- Engineering team bloat — another side effect of hiring too many people; it’s very easy for engineering teams to get too large, and it happens very fast. And then the “Mythical Man Month” effect kicks in and everything slows to a crawl, your best people get frustrated and quit, and you’re in huge trouble.
- Lack of focus on product and customers — it’s a lot easier to not be completely obsessed with your product and your customers when you have a lot of money in the bank and don’t have to worry about your doors closing imminently.
- Too many salespeople too soon — out selling a product that isn’t quite ready yet, hasn’t yet achieved Product/Market Fit — alienating early adopters and making it much harder to go back when the product does get right.
- Product schedule slippage — what’s the urgency? We have all this cash! Creating a golden opportunity for a smaller, scrappier startup to come along and kick your rear.
So what should you do if you do raise a lot of money?
As my old boss Jim Barksdale used to say, the main thing is to keep the main thing the main thing — be just as focused on product and customers when you raise a lot of money as you would be if you hadn’t raised a lot of money.
Easy to say, hard to do, but worth it.
Continue to run as lean as you can, bank as much of the money as possible, and save it for a rainy day — or a nuclear winter.
Tell everyone inside the company, over and over and over, until they can’t stand it anymore, and then tell them some more, that raising money does not count as an accomplishment and that you haven’t actually done anything yet other than raise the stakes and increase the pressure.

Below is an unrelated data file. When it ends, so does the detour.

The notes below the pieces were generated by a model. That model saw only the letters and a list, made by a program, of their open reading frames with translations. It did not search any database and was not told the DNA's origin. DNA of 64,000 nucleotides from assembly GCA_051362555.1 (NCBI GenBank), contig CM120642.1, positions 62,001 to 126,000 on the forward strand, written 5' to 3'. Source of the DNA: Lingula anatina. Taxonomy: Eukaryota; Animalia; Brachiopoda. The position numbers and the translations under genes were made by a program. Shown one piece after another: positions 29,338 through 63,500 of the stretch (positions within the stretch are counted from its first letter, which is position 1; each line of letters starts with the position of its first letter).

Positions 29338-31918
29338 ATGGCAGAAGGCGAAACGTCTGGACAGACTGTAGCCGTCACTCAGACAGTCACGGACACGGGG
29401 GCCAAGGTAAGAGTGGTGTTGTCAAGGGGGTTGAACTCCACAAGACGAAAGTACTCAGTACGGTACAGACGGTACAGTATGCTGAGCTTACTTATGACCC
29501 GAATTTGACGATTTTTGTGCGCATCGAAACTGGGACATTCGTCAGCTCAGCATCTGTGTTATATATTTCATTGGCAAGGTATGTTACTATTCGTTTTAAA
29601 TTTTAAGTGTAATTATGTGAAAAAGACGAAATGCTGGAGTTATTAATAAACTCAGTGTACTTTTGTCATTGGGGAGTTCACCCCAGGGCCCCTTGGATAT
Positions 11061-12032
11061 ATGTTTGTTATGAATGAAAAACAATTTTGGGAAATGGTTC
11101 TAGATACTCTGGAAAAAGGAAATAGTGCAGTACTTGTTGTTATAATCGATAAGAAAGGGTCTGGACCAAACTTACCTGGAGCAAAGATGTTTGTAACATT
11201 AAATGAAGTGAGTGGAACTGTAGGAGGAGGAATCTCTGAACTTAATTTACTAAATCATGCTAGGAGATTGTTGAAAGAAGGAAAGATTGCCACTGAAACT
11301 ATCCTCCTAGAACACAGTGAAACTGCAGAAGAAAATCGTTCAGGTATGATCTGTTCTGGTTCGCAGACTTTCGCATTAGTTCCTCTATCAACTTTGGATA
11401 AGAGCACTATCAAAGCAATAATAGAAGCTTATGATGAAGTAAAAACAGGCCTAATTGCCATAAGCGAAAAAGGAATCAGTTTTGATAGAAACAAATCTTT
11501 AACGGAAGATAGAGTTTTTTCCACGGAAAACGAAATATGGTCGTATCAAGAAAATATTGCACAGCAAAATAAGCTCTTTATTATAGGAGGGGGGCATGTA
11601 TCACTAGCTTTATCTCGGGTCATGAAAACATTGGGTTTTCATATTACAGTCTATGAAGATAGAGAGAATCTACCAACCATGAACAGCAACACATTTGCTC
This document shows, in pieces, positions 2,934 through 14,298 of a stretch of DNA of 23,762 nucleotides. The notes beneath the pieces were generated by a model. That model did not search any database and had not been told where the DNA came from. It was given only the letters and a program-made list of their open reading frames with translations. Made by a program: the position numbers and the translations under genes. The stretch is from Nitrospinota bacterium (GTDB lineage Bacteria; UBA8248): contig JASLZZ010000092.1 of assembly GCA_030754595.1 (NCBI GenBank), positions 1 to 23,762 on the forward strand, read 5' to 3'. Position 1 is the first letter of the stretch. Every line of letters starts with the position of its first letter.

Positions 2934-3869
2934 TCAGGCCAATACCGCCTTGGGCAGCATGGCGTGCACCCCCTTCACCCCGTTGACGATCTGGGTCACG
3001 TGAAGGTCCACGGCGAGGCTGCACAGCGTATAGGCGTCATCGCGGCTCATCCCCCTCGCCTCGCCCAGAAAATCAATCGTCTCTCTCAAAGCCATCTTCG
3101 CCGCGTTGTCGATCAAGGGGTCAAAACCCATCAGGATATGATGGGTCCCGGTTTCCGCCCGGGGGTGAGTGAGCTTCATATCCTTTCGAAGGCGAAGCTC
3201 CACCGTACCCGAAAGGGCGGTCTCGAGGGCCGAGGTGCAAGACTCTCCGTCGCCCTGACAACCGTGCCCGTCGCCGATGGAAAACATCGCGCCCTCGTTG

Illustrate that point by staying as scrappy as possible on material items — office space, furniture, etc. The two areas to splurge, in my opinion, are big-screen monitors and ergonomic office chairs. Other than that, it should be Ikea all the way.
The easiest way to lose control of your spending when you raise too much money is to hire too many people. The second easiest way is to pay people too much. Worry more about the first one than the second one; more people multiply spending a lot faster than a few raises.
Generally speaking, act like you haven’t raised nearly as much money as you actually have — in how you talk, act, and spend.
In particular, pay close attention to deadlines. The easiest thing to go wrong when you raise a lot of money is that suddenly things don’t seem so urgent anymore. Oh, they are. Competitors still lurk behind every bush and every tree, metaphorically speaking. Keeping moving fast if you want to survive.
There are certain startups that raised an excessive amount of money, proceeded to spend it like drunken sailors, and went on to become hugely successful. Odds are, you’re not them. Don’t bet your company on it.
There are a lot more startups that raised an excessive amount of money, burned through it, and went under.